An SLR is what you want if you are fanatical about photography. Learn and understand the technical parameters of your camera until they are second nature. Apply the technical opportunities to get the best out of what photography is all about – namely composition, expression, and the art of ‘smoke and mirrors’. Study the work of photographers you admire, and read as much about the subject as you can.
You are the artist capturing specific moments in time. The camera is simply the tool to achieve that. Identify your needs, and choose photographic equipment accordingly. Lenses allowing one to shoot at lower apertures obviously cost more, as do camera bodies capable of shooting at ‘cleaner’ higher ISOs.
Ideal Photography Setup for Birders on the Go
When it comes to bird photography, one is currently spoilt for choice whether one shoots with either Nikon or Canon, with third-party manufacturers such as Tamron and Sigma also coming to the party. So, what to buy for your birding photo tours?
(you can find a wonderful variety of photographic tours at Tours by Style.
For keen birders, photography of species recorded is often secondary. This is particularly the case when on a birding tour to a new destination with a larger group. Birders would often like to see a new species well first and, once satisfied, will then try to photograph the species. In this regard, mobility is key consideration in selecting photographic gear, and luckily there are many (relatively cost-effective) options out there.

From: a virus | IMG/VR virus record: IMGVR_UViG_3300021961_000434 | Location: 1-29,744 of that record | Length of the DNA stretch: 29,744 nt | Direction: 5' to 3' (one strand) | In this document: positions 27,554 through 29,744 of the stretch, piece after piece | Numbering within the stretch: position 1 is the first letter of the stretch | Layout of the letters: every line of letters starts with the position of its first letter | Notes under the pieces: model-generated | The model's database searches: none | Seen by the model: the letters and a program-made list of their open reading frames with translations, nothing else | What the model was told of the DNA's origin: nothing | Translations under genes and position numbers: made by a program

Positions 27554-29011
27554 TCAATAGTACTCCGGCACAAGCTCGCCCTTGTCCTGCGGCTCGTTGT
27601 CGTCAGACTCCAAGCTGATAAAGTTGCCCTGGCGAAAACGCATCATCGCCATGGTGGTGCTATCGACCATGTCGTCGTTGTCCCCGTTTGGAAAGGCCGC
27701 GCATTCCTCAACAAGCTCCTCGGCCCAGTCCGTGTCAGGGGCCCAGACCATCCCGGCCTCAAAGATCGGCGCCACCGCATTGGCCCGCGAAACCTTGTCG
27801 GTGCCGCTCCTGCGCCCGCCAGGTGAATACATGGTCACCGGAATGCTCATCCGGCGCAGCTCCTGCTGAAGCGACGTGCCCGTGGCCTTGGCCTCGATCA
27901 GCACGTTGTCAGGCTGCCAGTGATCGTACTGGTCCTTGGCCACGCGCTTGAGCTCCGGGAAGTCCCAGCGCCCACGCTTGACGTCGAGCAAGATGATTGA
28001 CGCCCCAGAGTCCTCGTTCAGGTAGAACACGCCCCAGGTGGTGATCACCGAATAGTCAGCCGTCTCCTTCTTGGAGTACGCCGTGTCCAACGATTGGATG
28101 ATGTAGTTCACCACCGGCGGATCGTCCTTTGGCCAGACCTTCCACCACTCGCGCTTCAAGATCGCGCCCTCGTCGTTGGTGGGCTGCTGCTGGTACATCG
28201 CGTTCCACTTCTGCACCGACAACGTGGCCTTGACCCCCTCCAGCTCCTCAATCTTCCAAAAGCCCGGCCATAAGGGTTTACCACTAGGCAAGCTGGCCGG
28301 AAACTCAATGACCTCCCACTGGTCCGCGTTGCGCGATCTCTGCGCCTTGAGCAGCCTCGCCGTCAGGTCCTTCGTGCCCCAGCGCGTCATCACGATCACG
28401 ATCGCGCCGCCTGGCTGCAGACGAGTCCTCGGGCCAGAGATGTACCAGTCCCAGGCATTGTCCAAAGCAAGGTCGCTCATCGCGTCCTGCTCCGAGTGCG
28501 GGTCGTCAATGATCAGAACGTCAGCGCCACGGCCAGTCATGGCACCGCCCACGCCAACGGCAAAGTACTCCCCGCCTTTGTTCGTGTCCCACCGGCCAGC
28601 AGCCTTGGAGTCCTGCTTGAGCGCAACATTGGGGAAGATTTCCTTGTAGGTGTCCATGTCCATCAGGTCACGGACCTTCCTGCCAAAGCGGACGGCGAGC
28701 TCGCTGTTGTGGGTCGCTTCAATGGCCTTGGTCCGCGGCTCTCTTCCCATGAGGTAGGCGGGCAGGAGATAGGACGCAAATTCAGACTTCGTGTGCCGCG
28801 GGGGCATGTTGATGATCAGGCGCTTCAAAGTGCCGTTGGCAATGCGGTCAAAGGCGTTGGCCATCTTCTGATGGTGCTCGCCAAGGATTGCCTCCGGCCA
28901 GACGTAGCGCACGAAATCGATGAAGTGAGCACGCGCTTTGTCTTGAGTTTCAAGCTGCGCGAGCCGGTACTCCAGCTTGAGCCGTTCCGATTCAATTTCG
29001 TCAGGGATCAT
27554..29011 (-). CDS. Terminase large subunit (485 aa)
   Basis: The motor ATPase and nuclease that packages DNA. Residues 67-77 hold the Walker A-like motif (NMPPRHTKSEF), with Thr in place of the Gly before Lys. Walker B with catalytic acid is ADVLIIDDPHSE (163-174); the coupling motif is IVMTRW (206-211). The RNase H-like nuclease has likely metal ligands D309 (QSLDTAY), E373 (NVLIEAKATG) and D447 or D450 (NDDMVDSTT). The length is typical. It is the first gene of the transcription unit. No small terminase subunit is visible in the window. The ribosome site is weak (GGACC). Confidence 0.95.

On the Nikon side, the D7200 has just been released. This is a 24MP crop-sensor body that is relatively small at a great price – six frames per second, decent buffer and build quality, dual SD cards, and great noise handling at higher ISOs. The 51-point focus system has also been improved over the D7100.
For Canon shooters, the 7D MKII has also recently (late 2014) seen the light of day and boasts an enviable spec sheet: 10 frames per second, 20MP crop sensor, full weather sealing, and insatiable buffer. The best of all is that all this comes at a very good price and the camera body is still quite compact.
A versatile zoom lens is often the best option when one wants to remain mobile, and most of the top manufacturers have also updated their offerings in this regard over the past few years. Depending on your body choice there is the Nikon AF-S NIKKOR 80-400mm f/4.5-5.6G ED VR Lens and the Canon EF 100-400mm f/4.5-5.6L IS II USM Lens. Both are new releases and much improved over the outgoing models. The upgrades to both these lenses have been significant enough to warrant choosing them over the lenses they replace. Also available in various mount choices is the Tamron SP 150-600mm f/5-6.3 Di VC USD Lens, which has been receiving rave reviews and is a compelling choice for bird photographers on a tighter budget. Sigma have also upped their game recently with the release of the Sport and Contemporary versions of the Sigma 150-600mm f/5-6.3 DG OS HSM Lens, the Sport version being heavier, weather-sealed, and pricier of course.